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Fire restrictions in effect on WDFW-managed lands, no smoking

OLYMPIA, Wash. – With unusually dry conditions and wildfires burning in parts of the state, the Washington Department of Fish and Wildlife (WDFW) is prohibiting campfires and other activities on all agency-managed lands.

 

The emergency order now in effect prohibits:

 

  • Fires or campfires: However, personal camp stoves or lanterns fueled by liquid petroleum, liquid petroleum gas or propane are allowed.
  • Smoking: Unless in an enclosed vehicle.
  • Target shooting: Except at shooting ranges developed by WDFW.
  • Welding and the use of chainsaws and other equipment:Operating a torch with an open flame and equipment powered by an internal combustion engine is prohibited.
    • Operating a motor vehicle off developed roads: Except when parking in areas without vegetation within 10 feet of the roadway and parking in developed campgrounds and at trailheads.

 

Extreme fire risk prompts call for extreme caution

OLYMPIA – With fire danger continuing to increase across Washington, officials from four state agencies today urged residents to recognize that even seemingly low-risk activities, such as parking on a grassy field or using motorized yard tools, can spark a wildfire.
Thirty-seven of the state’s 39 counties have declared burn bans. Commissioner of Public Lands Peter Goldmark has banned fires on all lands protected by the Washington State Department of Natural Resources (DNR), including wildlife areas and other facilities managed by the Washington Department of Fish and Wildlife (WDFW).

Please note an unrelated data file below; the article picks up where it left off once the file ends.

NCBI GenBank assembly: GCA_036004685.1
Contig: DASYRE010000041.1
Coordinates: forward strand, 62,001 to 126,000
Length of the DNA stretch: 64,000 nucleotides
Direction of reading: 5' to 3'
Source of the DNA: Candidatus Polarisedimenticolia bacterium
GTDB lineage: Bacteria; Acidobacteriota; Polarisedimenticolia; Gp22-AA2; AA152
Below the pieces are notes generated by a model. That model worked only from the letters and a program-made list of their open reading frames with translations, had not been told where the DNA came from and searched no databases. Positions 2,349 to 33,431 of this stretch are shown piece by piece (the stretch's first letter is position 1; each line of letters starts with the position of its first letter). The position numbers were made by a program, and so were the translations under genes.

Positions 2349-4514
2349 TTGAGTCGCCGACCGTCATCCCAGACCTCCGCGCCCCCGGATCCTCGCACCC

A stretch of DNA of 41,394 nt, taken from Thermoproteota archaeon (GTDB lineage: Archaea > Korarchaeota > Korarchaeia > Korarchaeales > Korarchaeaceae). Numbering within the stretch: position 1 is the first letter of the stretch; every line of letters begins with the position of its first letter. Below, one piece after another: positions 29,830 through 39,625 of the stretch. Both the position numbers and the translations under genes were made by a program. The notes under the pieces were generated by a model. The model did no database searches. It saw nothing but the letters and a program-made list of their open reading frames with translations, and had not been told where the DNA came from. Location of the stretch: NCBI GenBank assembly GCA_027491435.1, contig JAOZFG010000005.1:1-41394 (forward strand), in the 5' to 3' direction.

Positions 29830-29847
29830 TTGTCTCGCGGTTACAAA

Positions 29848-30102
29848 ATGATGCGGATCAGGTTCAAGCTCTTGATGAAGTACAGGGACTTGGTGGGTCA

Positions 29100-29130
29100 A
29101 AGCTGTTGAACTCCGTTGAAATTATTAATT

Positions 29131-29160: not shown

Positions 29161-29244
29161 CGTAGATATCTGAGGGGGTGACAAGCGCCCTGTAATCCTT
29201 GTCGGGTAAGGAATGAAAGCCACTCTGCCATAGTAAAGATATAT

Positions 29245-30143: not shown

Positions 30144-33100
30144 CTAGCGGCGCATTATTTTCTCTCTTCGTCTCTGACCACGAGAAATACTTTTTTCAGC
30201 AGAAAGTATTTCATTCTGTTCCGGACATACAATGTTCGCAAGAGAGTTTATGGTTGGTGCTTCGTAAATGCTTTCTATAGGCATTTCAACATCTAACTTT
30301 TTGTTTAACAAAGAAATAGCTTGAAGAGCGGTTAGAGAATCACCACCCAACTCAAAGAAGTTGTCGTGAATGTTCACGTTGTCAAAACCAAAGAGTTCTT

However, even those protections don’t address all the ways people can unintentionally spark a wildfire.
“Most people are responsible and use good judgment,” said Mary Verner, DNR’s Deputy Supervisor for Resource Protection. “On the other hand, most wildfires are human-caused. We want to alert people to the extremely hazardous conditions and ask that they take extra precaution even with routine and seemingly safe activities.”
Bruce Bjork, Chief of Enforcement for WDFW, said people driving off-road can start a fire simply by driving across or parking on a grassy field, like those that exist at most of the department’s nearly 200 wildlife area units.

“Dry grass touching a vehicle’s hot exhaust system could start a major fire, especially when the wind is blowing,” said Bjork. “If you’re driving through the woods or open range, please stay on the road surface until you find a paved or graveled area to park.”